Learning Conditional Models for Visual Perception
In recent years, the field of computer vision has seen a series of major advances, made possible by rapid development in algorithms, data collection and computing infrastructure. As a result, vision systems have started to be broadly adopted in everyday applications. Progress has been particularly promising in image recognition, where algorithms now often match human performance. Nevertheless, vision systems still largely fall behind humans in their ability to understand the complexities of the visual world and its apparent contradictions. For example, an image can carry different meanings to different people in different contexts. However, being often limited to a single point of view, vision systems tend to focus on the meaning that dominates in the training data. In this dissertation, we address this limitation by building conditional vision models that can learn from multiple points of view and adapt their results to account for different conditions. First, we address the related tasks of image tagging and tag based image retrieval. In particular, we build a system that can take into account the fact that people may associate different meaning with certain images and tags. Thus, the system can personalize outputs for ambiguous tags such as #rock, which could refer either to a music genre, a geological object or even outdoor climbing. Further, we focus on the task of image based similarity search. Specifically, we design a system that can understand multiple notions of similarity. For example, when searching for related items to an input images of a shoe, users might be interested in shoes of similar color, style, or for the same kind of activity. By capturing the multitude of aspects in terms of which objects can be compared, our system can find the right set of related items. Lastly, we explore how the underlying convolutional networks themselves can be made aware of the context in which they are used. In a study, we first discover a new understanding of the roles that individual layers take on in modern convolutional networks. Then, we leverage our insights and design a network that can adaptively define its own topology conditioned on the input image to increase both accuracy and efficiency.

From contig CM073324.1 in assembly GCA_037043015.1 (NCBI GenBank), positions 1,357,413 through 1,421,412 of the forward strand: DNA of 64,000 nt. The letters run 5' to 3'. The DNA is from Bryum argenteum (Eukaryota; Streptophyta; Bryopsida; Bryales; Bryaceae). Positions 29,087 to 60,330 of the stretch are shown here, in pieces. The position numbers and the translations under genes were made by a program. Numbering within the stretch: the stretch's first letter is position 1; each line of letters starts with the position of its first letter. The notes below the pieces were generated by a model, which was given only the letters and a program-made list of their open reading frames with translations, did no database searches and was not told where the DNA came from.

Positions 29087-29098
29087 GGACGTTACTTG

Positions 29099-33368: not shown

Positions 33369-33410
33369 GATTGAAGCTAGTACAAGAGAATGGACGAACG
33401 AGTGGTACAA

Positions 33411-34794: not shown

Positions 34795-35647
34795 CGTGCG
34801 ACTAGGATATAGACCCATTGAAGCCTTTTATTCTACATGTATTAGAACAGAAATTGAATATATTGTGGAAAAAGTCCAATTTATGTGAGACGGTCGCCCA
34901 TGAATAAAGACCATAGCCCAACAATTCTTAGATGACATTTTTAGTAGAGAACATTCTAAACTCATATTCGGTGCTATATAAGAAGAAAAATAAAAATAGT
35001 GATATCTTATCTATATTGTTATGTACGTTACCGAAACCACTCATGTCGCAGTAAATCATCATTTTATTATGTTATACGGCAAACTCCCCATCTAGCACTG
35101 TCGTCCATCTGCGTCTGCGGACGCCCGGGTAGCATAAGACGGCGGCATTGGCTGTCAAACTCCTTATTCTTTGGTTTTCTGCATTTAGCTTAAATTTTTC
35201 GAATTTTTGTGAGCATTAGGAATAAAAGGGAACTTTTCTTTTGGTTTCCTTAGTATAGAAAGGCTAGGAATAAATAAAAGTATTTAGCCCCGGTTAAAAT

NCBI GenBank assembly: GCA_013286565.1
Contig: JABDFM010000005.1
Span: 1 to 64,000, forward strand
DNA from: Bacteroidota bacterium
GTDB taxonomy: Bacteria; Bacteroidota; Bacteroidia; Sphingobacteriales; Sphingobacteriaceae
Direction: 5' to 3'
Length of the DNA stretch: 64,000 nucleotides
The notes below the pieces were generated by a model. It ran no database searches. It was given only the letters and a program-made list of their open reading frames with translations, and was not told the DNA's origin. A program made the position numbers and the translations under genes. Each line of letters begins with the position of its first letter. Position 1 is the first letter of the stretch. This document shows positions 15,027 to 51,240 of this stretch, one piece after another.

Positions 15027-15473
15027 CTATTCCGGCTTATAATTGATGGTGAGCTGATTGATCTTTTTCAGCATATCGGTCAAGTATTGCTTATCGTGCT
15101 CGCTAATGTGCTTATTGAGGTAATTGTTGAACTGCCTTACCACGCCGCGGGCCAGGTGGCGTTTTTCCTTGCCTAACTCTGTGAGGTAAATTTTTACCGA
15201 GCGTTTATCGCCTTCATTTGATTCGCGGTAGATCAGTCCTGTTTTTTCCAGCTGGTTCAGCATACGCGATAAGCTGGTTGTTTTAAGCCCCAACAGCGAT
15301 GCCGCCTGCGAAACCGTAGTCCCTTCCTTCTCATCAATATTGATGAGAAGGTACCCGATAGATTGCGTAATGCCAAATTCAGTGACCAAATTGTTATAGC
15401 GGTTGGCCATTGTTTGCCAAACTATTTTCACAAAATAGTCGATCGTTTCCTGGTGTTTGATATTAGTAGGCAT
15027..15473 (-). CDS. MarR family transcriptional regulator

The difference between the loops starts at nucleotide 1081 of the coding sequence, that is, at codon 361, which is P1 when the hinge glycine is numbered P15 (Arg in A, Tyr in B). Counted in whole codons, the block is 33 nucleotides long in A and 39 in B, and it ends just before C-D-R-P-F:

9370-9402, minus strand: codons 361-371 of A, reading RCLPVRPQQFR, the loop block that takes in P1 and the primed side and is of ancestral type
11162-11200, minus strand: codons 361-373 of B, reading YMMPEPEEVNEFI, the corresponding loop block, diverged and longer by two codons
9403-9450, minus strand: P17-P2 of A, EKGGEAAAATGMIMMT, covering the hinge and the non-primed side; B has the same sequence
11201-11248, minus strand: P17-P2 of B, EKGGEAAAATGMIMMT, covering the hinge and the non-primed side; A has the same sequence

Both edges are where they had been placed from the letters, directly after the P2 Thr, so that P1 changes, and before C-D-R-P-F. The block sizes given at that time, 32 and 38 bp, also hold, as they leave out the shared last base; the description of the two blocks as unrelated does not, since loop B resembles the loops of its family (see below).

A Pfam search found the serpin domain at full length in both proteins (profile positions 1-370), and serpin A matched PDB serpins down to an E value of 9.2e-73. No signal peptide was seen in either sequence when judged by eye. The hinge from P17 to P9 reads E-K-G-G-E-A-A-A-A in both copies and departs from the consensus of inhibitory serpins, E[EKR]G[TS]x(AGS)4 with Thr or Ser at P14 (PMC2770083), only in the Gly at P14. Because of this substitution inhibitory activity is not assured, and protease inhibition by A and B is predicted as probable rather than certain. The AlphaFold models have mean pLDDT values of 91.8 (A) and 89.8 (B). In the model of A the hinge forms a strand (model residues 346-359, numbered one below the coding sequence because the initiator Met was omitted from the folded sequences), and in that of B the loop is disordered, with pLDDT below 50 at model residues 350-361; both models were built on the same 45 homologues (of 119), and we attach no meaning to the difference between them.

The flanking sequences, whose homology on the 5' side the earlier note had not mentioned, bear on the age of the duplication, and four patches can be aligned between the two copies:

computer vision; machine learning; Computer science
Belongie, Serge J.
Kleinberg, Jon M.; Naaman, Mor
Ph. D., Computer Science
Doctor of Philosophy
Attribution-NonCommercial-ShareAlike 4.0 International
dissertation or thesis
Except where otherwise noted, this item's license is described as Attribution-NonCommercial-ShareAlike 4.0 International